Debate Magazine

A Jewish Feminist on the 2012 Election

Posted on the 03 February 2012 by Starofdavida
A Jewish Feminist on the 2012 ElectionWhile I won’t be ableto vote in the 2012 election (I’ll be a few months shy of 18), I still want toeducate myself and make sure I know where every candidate stands on the issuesthat are important to me, from Israelto abortion.
Obama claims to support women’srights, and he has done stuff to show that he’s not totally indifferent tofeminism. The first bill he signed was the Lilly Ledbetter Equal Pay Act, whichensures that women can sue if they don’t receive equal pay for equal work. He alsoappointed Hillary Clinton as his Secretary of State, and Justices Sotomayor andKagan to the Supreme Court. He wouldn’t expand an unconstitutional refusalclause that would deny contraceptive coverage to women who have insurancethrough a religiously-affiliated institution. (This is clearly not acomprehensive list.)
However, Obama has also disillusionedfeminists, too. His Cabinet member Kathleen Sebelius nixed over-the-counter PlanB for girls under 16, despite the FDA’s approval. Despite the fact that he sayshe’s pro-choice, there have been dozens of cuts to women’s health care andabortion centers on the state level. And let’s not forget the brouhaha over theHyde and Stupak-Pitts Amendments. (This, too, is obviously not an all-inclusivelist.)
In addition to his subparperformance with women’s rights, his decisions regarding Israel havebeen downright outrageous. I don’t know the solution to the Middle East Crisis,but I can tell you that reverting to the 1967 borders is not it. Jews havefought and died to ensure that the West Bankis part of Israeli territory. The idea of giving it up is offensive, an affrontto the memories of the thousands of Israelis who have been killed while protectingtheir homeland. Suggesting such a thing is just as stupid as saying that Americashould go back to its 1812 borders.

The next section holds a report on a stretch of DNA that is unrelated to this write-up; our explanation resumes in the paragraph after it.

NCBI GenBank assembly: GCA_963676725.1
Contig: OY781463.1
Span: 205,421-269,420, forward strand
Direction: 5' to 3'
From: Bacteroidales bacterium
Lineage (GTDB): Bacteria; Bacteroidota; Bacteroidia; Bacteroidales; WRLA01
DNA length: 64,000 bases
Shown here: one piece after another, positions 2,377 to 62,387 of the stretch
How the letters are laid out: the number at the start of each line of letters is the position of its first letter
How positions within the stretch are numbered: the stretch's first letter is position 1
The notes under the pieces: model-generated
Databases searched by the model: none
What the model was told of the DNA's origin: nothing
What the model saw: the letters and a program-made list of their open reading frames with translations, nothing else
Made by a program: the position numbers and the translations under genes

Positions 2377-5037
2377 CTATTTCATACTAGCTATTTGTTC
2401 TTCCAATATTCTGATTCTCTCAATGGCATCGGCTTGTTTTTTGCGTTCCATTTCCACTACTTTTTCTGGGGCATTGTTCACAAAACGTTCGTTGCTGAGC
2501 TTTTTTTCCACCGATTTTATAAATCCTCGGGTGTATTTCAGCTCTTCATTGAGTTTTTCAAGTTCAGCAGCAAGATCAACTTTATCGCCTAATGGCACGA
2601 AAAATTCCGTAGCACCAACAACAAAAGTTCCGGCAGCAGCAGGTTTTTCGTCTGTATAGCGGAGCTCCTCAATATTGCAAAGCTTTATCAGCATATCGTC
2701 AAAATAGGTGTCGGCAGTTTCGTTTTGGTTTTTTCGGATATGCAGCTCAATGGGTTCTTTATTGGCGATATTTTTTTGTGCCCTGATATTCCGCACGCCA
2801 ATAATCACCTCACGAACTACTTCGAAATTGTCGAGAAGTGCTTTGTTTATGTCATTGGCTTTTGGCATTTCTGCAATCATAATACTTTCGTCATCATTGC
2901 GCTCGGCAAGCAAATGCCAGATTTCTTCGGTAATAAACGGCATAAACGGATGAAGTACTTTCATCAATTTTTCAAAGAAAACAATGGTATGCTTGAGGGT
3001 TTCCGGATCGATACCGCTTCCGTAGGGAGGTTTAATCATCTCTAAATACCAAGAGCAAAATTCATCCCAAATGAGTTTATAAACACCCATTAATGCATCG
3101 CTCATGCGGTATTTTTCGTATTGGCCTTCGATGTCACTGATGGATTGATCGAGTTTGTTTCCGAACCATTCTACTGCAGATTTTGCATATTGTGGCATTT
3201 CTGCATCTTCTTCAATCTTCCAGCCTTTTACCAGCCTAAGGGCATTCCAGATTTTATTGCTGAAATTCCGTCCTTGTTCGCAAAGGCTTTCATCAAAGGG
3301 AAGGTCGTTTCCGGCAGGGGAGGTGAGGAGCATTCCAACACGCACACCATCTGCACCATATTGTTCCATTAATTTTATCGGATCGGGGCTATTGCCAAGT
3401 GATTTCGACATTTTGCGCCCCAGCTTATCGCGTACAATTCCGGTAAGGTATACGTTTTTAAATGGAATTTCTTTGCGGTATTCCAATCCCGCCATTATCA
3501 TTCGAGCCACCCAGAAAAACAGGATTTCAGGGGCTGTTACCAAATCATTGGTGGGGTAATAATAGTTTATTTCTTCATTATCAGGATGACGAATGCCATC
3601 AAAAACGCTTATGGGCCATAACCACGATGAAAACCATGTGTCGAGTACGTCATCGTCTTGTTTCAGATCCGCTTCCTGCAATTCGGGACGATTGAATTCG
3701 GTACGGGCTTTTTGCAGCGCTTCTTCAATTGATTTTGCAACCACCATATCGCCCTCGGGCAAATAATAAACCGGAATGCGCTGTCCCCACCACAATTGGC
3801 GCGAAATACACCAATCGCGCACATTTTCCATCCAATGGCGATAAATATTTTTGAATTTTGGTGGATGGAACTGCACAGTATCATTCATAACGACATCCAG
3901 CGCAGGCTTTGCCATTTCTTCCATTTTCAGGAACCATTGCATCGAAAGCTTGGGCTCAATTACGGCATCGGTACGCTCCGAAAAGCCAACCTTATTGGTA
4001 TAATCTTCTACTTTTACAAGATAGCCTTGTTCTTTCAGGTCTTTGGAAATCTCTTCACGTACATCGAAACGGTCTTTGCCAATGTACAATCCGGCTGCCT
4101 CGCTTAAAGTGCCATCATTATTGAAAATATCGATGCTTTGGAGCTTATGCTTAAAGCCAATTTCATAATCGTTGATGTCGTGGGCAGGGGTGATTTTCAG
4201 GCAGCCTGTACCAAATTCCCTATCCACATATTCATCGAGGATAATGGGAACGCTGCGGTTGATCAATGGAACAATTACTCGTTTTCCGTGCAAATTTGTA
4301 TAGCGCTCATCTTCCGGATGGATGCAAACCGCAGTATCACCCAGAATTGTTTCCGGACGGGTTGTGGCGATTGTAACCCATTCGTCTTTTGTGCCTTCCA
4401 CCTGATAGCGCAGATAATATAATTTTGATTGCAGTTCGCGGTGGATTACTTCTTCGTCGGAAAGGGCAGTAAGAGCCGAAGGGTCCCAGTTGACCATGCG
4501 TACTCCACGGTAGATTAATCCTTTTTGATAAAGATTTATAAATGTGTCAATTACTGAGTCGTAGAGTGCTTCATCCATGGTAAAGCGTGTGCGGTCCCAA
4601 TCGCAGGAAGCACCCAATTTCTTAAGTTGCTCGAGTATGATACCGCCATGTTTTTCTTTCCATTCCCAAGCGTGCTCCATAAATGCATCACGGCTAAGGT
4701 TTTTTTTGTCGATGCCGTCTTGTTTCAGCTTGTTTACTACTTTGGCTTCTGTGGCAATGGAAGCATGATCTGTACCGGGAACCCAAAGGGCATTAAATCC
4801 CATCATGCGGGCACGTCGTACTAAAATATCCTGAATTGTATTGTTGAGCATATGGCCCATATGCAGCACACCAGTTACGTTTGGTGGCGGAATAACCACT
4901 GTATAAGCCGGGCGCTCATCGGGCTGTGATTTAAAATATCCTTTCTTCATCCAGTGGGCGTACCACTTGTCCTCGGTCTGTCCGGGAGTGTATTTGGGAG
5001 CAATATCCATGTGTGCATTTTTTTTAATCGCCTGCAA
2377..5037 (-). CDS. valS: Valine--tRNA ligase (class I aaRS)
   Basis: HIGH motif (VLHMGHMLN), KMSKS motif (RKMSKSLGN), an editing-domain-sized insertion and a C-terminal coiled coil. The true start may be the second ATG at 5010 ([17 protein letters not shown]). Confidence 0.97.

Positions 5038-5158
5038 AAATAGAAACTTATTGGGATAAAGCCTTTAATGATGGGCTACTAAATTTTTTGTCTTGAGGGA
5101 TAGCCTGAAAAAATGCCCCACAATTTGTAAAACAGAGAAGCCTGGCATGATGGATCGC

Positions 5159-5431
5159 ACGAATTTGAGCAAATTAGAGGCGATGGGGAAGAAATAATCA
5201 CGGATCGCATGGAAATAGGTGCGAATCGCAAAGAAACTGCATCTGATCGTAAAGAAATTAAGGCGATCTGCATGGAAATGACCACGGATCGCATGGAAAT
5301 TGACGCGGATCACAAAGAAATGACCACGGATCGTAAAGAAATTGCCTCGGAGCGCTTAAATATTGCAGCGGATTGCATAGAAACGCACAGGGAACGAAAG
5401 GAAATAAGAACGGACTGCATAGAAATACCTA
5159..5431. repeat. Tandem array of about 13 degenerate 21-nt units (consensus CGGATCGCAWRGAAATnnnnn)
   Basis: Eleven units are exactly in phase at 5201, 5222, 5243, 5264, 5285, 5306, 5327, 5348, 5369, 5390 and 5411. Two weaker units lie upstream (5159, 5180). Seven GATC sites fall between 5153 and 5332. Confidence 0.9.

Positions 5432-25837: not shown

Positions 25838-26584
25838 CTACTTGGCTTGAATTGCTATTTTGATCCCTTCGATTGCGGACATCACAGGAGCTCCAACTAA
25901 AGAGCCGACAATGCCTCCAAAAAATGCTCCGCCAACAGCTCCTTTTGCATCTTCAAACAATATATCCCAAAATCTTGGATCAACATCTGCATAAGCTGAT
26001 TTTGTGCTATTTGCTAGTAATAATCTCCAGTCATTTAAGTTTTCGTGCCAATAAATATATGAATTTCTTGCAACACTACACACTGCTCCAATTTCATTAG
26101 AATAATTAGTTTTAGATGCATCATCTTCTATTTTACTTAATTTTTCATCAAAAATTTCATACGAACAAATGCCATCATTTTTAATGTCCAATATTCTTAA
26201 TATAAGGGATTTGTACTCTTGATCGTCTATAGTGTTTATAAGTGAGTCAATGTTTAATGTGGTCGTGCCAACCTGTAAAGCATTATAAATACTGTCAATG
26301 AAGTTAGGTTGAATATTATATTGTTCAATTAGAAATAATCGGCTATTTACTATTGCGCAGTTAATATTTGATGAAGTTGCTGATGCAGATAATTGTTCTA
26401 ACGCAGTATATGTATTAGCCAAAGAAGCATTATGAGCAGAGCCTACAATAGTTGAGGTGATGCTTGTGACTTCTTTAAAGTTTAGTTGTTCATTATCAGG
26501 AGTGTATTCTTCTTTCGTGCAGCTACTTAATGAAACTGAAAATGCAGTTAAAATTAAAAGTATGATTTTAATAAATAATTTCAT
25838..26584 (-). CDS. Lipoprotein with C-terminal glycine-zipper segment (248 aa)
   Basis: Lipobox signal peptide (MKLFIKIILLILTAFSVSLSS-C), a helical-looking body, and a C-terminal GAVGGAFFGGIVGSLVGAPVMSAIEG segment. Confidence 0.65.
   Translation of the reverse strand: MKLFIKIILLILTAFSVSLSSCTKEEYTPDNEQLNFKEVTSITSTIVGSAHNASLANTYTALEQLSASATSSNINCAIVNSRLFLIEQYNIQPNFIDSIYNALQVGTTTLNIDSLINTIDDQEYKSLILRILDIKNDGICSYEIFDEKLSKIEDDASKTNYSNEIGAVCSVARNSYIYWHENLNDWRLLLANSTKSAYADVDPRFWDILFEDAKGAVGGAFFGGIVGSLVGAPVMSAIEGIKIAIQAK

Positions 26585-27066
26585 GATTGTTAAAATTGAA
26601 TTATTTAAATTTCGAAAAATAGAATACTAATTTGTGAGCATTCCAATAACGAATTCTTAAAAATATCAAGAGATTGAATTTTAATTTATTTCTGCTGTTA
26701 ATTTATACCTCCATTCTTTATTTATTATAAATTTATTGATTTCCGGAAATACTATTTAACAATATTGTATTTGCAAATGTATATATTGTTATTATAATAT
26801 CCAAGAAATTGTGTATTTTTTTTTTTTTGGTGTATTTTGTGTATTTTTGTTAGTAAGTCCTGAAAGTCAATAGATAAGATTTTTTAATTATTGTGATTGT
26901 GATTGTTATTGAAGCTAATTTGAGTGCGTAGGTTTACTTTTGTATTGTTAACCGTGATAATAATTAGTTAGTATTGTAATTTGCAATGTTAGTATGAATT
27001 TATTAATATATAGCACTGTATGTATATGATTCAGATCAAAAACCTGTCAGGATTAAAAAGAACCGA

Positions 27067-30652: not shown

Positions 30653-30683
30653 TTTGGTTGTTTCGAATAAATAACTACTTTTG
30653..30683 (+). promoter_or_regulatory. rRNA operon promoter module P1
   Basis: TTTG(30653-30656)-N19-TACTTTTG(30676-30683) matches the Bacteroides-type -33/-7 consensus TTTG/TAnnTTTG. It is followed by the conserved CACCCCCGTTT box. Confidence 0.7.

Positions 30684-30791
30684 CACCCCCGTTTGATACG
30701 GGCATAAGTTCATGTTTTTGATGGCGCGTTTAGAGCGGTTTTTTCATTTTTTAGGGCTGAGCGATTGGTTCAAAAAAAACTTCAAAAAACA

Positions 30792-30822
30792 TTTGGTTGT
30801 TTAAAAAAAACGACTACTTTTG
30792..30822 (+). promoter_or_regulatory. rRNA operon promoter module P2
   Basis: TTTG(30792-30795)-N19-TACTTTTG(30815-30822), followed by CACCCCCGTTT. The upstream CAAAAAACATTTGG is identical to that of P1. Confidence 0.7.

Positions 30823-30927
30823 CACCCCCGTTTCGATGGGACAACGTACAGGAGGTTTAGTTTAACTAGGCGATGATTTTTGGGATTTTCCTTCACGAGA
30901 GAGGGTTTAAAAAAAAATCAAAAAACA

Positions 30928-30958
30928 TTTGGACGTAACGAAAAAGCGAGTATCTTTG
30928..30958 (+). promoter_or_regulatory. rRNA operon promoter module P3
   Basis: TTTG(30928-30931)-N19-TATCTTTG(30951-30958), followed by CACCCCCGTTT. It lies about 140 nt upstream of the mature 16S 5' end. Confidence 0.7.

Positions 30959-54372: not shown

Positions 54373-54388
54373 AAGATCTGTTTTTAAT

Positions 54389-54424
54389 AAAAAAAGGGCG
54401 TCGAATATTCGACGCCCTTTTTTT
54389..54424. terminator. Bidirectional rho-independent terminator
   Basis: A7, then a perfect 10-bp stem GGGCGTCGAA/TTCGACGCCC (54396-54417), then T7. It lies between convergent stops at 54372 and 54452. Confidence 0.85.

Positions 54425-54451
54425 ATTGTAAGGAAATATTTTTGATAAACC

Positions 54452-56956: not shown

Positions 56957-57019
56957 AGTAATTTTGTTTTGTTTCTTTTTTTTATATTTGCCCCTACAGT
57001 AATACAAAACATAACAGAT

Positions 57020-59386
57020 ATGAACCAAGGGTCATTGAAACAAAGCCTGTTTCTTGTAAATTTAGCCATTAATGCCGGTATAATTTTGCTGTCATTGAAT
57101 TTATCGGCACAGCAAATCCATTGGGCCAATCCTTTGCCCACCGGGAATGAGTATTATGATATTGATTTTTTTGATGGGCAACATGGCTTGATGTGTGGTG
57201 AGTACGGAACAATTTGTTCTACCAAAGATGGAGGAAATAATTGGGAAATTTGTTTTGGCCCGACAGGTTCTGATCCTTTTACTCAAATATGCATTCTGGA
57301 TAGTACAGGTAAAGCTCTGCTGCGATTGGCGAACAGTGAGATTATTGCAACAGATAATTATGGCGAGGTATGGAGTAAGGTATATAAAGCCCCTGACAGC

The Republican candidates don’treally seem to be such great friends of feminism. Newt Gingrich has proudlystated that he’s anti-abortion and wanted to defund Planned Parenthood. Mitt Romneyactually claimed to be pro-choice in the past, but he now calls himself“unapologetically pro-life.” So while they’re not really on Team Woman, let’sall bear in mind that President Bush was an anti-choice Republican in the WhiteHouse for eight years, and abortion is still thank God 100% legal. (I’m nottrying to downplay any damage done during the Bush era, but it’s important tokeep everything in perspective here.)
While the Republicans areanti-choice, they are definitely pro-Israel. Gingrich wants to bolsterAmerican-Israeli ties, realizing that Israelis America’s only true allyin the Middle East. He even went so far as tosay, “I think that we’ve had an invented Palestinian people who are in factArabs, and who were historically part of the Arab community. And they had achance to go many places, and for a variety of political reasons we havesustained this war against Israelnow since the 1940s, and it’s tragic.” Romney feels pretty much the same way asGingrich, adding that the reason there isn’t peace in the Middle East is because groups like Hamas have an agenda to destroy, notmake peace.
So this leaves me, as apro-Israel Jewish feminist, in a bit of a pickle. This is how I see it, inchart form, being measured in terms of bad, eh, or good:

Issue Obama Republicans

Women’s Rights Eh Bad

Israel Bad Good


It’s a sticky question with adifficult answer. But at the end of the day, what makes more sense - supportingbad + good or bad + eh? Obviously my mind may change by the time elections rollaround, but I really think I’m gonna endorse whoever’s running on theRepublican ticket.
Personally, I’m dying for DebbieWasserman Schultz to run for president, but that’s not gonna happen anytimesoon. Until then, I think a write-in vote campaign for Harry Potter will be ourbest bet.A Jewish Feminist on the 2012 Election

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